Big Boy’s wheels to roll Monday on epic California-Wyoming journey

Ed Dickens, senior manager of heritage operations for Union Pacific Railroad, shows Miguel Angel Warner, 4, around engine No. 4014, known as Big Boy, in January in Covina.
(Ringo H.W. Chiu / Associated Press)

When the Union Pacific Railroad’s Big Boy locomotive starts its journey from Southern California on Monday, wheels that have been stilled for more than half a century will begin to turn -- and hopefully carry one of the biggest steam engines ever built all the way to Wyoming.

“We’re taking this out on America’s biggest railroad, and we can’t stop somewhere and have a problem,” says Ed Dickens, Union Pacific’s senior manager of heritage operations in Cheyenne, Wyo.

With a team, he will not only oversee Big Boy’s journey but also the three-to-five-year restoration of what’s affectionately known as No. 4014.


The vintage engine, built in the 1940s, leaves from a railyard near Colton and is expected to reach Yermo, Calif., about 80 miles away, by the end of the day.

As it moves north and east on its multistate journey, Big Boy will stop long enough to be on display in Las Vegas on Wednesday and Salt Lake City on Saturday before reaching Wyoming on May 8.

The 6,300-horsepower engine, which weighs 1.2 million pounds, can’t move under its own steam and is far too heavy to be put on any kind of flatbed truck or railcar to be transported. So two giant locomotives will push Big Boy at an expected speed of 20 to 25 mph.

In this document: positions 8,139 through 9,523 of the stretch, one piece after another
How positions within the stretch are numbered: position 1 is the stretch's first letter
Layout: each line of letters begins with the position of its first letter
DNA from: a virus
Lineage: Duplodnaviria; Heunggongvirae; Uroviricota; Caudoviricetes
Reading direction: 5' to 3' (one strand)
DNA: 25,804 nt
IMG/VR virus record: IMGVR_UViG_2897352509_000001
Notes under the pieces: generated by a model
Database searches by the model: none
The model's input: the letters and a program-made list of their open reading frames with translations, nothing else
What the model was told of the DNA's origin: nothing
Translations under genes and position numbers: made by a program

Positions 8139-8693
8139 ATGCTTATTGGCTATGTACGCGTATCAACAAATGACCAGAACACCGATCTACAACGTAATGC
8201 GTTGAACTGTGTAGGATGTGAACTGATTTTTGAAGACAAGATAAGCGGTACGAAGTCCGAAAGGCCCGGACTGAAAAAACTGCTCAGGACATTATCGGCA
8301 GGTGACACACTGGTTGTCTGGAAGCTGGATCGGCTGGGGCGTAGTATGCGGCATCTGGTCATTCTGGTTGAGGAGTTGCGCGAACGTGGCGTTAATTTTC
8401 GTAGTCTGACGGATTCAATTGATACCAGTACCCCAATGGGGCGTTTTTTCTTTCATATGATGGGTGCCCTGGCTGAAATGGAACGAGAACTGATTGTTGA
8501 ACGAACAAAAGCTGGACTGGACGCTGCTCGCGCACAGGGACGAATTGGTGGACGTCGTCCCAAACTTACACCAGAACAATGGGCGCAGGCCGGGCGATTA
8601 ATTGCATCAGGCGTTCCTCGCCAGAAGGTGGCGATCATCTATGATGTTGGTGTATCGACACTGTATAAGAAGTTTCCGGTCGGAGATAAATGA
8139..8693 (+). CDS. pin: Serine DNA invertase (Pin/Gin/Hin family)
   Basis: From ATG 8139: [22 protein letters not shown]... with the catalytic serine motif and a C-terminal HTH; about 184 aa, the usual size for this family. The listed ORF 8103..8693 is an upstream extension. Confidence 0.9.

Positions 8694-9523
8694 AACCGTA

Why are the wheels such a big deal? The train had been an artifact at the RailGiants Train Museum in Pomona for more than 50 years, Dickens says. It’s in good shape, but he and his team have to make sure the wheels can go the distance, even with the other locomotives’ help. The train was removed from the museum and moved to the railyard in January to prepare it for the epic journey.

The two locomotives that will power Big Boy have symbolic numbers too. One is No. 4014, the same as Big Boy, whose number was reused after the engine was retired in 1961. The second engine is No. 4884, a nod to the wheel configuration that allows Big Boy to maneuver around curves.

Dickens says if you’re standing by the track when one of the monster steam engines goes by “it thumps your chest -- boom! boom! boom! -- it’s an exhilarating feeling.”


You can follow Big Boy’s journey online and on Twitter at @UP_Steam.

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